Authentic Maori waka created by Mike Carlton, Maori artist.
In Aotearoa New Zealand, waka were predominantly single-hulled vessels. This style was determined by the type and quantity of native trees available, ie. the narrow beam of a Pacific Island canoe was limited by the narrow girth of the local trees and required an outrigger for stability.
By contrast the native trees of Aotearoa (NZ): Totara, Kauri, Mangeao, Rimu, Kahikatea and Matai were so large that waka of sufficient beam could be constructed without the need of an outrigger.
Waka were most commonly hewn from the widely available Totara tree although kauri was preferred in the north. They were used principally for fishing and trading around the rivers and coastal waters of Aotearoa (New Zealand).
Te Waka Taua (war canoe)
775mm long Maori War Canoe (Te Waka Taua) with intricate hand crafted figurines and oars. Prow, stern and side panels embellished with intricate filligree and Paua inlay. Features a removable stern post and removable stands from base (for safe and compact packaging) and presented in a large robust mailing tube. Also included is an explanatory booklet outlining the history and meaning of its various parts and elements.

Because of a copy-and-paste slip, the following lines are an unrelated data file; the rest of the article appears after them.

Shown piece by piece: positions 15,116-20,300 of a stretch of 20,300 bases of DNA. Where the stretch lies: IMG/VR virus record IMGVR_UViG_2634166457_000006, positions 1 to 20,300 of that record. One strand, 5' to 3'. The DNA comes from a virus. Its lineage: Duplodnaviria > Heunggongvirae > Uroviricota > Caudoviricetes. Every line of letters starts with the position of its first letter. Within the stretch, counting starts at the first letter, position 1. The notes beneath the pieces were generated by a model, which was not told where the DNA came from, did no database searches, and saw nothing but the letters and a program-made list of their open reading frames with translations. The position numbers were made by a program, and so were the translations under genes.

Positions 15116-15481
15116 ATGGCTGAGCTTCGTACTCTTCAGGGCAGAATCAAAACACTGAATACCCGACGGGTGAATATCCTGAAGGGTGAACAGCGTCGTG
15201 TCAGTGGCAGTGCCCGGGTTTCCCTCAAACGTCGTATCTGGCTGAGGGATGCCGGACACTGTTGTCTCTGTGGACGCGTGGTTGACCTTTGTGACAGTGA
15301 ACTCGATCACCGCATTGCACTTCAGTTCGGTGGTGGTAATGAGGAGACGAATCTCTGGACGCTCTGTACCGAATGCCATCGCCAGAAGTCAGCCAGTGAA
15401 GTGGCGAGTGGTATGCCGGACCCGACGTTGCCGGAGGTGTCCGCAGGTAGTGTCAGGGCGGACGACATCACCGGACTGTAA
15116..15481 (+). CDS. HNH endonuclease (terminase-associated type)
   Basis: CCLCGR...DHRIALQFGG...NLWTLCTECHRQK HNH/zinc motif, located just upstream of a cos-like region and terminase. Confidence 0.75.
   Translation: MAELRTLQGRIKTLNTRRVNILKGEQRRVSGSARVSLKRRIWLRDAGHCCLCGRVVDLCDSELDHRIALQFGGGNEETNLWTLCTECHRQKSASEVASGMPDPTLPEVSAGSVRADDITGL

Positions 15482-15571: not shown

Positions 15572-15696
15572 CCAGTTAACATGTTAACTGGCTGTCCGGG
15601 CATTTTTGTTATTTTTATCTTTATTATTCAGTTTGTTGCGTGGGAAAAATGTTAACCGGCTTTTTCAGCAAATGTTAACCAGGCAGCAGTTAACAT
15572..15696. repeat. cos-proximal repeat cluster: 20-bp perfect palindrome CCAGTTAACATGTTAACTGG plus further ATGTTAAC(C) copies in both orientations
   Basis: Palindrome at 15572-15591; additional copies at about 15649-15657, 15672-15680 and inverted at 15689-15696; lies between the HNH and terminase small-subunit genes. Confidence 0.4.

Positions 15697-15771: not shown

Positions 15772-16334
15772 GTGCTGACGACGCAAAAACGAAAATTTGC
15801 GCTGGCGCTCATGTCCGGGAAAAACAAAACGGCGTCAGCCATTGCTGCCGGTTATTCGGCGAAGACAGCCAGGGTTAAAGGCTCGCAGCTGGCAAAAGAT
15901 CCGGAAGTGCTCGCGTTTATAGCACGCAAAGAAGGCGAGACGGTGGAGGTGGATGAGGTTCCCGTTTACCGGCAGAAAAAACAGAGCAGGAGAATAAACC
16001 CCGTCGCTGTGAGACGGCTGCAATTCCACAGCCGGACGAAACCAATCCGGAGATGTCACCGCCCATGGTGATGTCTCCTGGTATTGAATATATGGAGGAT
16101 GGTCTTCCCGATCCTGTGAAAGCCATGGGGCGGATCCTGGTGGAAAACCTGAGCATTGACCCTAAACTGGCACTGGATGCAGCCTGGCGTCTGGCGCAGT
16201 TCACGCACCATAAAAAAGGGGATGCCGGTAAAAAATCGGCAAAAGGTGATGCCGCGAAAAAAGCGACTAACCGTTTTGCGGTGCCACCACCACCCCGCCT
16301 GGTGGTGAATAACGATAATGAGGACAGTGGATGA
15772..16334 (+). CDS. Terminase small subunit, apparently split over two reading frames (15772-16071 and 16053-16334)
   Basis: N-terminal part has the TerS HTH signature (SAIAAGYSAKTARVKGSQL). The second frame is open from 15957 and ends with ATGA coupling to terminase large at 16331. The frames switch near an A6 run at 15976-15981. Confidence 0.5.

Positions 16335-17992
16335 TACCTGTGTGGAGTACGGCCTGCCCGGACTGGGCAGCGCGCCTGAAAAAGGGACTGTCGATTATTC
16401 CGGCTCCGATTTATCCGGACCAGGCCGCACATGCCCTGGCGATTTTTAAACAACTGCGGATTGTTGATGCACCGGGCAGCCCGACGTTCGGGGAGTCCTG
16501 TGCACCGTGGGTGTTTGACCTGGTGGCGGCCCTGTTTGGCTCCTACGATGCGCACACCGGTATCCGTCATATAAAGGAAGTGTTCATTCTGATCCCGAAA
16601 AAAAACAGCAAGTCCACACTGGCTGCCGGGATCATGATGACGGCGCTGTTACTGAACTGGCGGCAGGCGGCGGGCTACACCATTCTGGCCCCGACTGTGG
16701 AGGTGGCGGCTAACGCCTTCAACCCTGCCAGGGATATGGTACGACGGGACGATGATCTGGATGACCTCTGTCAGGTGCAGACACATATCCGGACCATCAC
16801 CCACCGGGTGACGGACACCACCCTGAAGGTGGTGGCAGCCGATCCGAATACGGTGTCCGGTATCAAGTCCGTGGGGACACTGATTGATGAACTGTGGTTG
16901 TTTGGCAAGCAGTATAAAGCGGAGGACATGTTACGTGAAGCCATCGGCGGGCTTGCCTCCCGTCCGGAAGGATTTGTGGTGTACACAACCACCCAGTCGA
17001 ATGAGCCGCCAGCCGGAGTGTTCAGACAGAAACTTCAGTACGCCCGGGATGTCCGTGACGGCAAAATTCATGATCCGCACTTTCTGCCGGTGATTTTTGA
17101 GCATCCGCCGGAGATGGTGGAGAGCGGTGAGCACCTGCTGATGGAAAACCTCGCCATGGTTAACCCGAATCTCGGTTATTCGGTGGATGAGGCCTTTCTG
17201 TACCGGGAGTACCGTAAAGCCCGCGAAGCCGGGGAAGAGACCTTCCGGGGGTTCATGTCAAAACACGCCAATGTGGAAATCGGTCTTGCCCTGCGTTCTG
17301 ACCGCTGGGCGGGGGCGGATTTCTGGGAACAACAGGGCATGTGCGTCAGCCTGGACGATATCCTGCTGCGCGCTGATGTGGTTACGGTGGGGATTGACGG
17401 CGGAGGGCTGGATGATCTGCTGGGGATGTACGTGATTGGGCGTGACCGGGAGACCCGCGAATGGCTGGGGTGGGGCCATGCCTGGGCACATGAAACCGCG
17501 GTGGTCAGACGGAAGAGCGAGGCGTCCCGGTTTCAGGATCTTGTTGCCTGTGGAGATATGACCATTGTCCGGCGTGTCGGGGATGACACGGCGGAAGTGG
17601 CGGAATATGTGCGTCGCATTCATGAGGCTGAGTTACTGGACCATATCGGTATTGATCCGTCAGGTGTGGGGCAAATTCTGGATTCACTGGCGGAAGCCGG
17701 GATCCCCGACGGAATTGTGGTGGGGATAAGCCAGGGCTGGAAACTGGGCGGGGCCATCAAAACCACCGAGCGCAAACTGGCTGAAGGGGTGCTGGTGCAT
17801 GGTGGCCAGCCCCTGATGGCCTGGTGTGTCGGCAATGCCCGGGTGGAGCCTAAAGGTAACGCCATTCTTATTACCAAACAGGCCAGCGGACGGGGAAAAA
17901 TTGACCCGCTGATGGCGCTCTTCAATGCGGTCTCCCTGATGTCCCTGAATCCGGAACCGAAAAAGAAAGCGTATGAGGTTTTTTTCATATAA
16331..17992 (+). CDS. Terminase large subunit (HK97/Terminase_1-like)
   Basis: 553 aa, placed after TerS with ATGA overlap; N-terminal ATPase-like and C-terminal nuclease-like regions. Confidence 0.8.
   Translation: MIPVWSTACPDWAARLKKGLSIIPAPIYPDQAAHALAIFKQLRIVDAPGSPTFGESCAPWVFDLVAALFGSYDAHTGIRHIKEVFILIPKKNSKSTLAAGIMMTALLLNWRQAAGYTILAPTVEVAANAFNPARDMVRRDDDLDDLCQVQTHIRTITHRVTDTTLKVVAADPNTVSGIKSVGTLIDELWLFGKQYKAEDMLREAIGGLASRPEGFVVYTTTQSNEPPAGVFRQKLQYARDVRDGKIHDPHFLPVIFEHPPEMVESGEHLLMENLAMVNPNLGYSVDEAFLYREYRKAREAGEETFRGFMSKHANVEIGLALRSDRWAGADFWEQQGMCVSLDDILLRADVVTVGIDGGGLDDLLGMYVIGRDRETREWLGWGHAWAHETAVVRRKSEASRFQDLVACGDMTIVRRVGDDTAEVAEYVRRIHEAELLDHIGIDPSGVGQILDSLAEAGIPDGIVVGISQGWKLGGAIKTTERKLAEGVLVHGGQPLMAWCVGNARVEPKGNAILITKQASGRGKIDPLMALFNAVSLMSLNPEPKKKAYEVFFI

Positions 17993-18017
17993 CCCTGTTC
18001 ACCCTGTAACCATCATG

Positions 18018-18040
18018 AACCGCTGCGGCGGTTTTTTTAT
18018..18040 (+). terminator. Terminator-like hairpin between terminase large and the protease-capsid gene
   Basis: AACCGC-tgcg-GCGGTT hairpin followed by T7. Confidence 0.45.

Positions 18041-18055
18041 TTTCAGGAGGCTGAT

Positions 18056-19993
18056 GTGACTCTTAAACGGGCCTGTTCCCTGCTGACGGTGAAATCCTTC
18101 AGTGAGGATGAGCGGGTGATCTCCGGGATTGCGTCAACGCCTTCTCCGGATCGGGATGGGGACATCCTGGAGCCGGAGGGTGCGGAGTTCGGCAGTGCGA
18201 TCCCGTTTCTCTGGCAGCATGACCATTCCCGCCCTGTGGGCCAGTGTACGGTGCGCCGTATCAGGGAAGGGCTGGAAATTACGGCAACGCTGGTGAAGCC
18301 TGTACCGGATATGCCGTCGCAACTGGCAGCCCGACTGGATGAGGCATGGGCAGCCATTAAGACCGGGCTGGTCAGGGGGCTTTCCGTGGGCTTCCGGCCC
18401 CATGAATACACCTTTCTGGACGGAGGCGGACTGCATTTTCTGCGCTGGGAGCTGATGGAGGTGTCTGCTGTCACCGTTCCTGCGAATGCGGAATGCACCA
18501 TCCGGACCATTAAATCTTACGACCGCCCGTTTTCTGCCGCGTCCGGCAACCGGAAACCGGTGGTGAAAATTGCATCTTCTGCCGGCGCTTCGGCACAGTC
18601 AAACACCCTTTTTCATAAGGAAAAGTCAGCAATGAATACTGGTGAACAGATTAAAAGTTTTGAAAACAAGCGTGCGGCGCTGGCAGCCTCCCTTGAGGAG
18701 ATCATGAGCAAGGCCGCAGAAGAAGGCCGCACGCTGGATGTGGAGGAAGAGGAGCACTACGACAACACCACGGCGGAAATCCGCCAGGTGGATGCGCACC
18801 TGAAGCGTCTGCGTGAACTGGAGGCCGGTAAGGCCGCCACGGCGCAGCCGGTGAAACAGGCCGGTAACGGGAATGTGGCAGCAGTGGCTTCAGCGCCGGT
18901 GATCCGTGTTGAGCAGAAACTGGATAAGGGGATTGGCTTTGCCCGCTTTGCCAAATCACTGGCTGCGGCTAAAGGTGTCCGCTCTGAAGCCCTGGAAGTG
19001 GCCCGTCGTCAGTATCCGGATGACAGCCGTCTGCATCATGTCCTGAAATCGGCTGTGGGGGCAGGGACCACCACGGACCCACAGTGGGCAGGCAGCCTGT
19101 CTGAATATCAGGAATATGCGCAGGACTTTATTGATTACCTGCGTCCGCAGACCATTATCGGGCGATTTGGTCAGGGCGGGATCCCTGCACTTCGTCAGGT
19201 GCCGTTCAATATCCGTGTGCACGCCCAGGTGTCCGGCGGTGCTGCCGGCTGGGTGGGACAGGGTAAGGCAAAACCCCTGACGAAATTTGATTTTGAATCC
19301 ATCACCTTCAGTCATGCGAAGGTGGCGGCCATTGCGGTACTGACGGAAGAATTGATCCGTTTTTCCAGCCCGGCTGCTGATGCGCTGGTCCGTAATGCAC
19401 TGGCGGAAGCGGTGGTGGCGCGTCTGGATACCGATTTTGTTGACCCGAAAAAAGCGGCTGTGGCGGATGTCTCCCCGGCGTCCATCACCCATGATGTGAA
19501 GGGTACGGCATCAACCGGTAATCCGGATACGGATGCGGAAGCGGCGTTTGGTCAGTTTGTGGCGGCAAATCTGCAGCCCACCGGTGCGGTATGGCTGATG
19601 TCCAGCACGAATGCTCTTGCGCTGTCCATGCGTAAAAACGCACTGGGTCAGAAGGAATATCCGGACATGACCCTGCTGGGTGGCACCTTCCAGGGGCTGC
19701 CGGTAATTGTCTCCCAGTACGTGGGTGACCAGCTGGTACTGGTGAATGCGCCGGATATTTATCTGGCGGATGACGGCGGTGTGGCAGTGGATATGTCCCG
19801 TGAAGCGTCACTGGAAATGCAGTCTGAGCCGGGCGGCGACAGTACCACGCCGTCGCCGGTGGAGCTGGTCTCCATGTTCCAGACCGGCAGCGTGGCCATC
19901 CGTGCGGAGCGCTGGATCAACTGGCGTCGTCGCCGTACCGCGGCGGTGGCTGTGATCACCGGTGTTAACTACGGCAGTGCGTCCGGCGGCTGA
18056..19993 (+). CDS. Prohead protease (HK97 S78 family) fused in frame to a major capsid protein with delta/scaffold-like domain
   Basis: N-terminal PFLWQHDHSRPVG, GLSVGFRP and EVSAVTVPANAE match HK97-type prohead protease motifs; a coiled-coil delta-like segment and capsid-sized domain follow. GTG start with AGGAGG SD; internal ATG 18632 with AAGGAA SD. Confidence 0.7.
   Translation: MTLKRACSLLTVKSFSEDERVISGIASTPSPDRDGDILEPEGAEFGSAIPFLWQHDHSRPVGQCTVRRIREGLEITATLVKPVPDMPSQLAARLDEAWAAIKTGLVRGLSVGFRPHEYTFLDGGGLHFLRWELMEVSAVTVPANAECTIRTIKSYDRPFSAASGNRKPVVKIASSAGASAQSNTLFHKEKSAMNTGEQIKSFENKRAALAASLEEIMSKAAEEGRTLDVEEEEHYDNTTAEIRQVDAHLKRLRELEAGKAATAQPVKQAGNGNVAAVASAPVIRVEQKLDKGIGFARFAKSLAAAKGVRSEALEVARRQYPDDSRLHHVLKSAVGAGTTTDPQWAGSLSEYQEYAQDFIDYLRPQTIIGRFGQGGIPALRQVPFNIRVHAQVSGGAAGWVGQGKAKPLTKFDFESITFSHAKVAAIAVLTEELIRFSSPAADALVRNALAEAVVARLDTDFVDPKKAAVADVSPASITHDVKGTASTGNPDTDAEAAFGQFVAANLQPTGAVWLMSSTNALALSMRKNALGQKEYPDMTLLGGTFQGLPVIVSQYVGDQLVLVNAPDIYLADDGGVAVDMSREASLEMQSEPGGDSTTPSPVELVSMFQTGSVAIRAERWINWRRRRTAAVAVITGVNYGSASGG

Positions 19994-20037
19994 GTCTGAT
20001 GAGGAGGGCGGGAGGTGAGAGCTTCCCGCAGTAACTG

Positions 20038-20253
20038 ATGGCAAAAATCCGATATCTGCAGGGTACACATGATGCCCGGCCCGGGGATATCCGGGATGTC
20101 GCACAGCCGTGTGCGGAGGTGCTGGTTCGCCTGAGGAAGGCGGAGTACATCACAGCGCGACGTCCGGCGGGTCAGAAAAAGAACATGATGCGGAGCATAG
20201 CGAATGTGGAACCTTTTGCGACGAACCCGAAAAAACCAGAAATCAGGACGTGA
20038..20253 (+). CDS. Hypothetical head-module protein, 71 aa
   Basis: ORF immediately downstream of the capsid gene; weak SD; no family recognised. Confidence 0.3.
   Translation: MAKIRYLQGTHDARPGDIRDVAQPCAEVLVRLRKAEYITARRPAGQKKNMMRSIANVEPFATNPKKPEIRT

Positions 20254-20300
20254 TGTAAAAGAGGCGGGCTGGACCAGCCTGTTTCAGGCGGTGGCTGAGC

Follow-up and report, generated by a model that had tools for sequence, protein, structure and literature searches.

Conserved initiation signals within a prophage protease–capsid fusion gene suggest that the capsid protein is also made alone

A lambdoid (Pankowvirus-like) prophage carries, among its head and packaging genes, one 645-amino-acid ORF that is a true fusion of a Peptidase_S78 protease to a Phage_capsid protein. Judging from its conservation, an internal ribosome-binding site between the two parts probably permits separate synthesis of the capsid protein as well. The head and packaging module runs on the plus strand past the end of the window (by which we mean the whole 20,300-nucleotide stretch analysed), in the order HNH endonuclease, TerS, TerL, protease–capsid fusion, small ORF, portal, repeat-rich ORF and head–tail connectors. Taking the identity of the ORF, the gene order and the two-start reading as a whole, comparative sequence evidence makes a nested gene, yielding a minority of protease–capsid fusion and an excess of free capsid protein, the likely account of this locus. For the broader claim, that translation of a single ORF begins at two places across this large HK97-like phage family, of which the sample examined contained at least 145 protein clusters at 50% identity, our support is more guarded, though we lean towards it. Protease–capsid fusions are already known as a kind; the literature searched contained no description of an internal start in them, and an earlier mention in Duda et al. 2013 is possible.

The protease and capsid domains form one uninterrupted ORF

Waka Taua were the largest and most ornately adorned and carved of the Maori waka.
The Waka Taua was used only for war. The waka itself was highly tapu (sacred), no woman or food were allowed in the canoe. Behaviour in and around the canoe was highly ritualised, a breach of which could result in death.
The prow, stern and side panels were ornately carved, reflecting the style of a particular tribe. The larger Waka Taua were over 100ft (30m) long and 6ft (2m) wide and able to carry as many as 150 men with 100 paddling at a time.
All great Waka Taua had personal names and gained mana (fame) through successful war expeditions.
Source: Mike Carlton – Aeon Giftware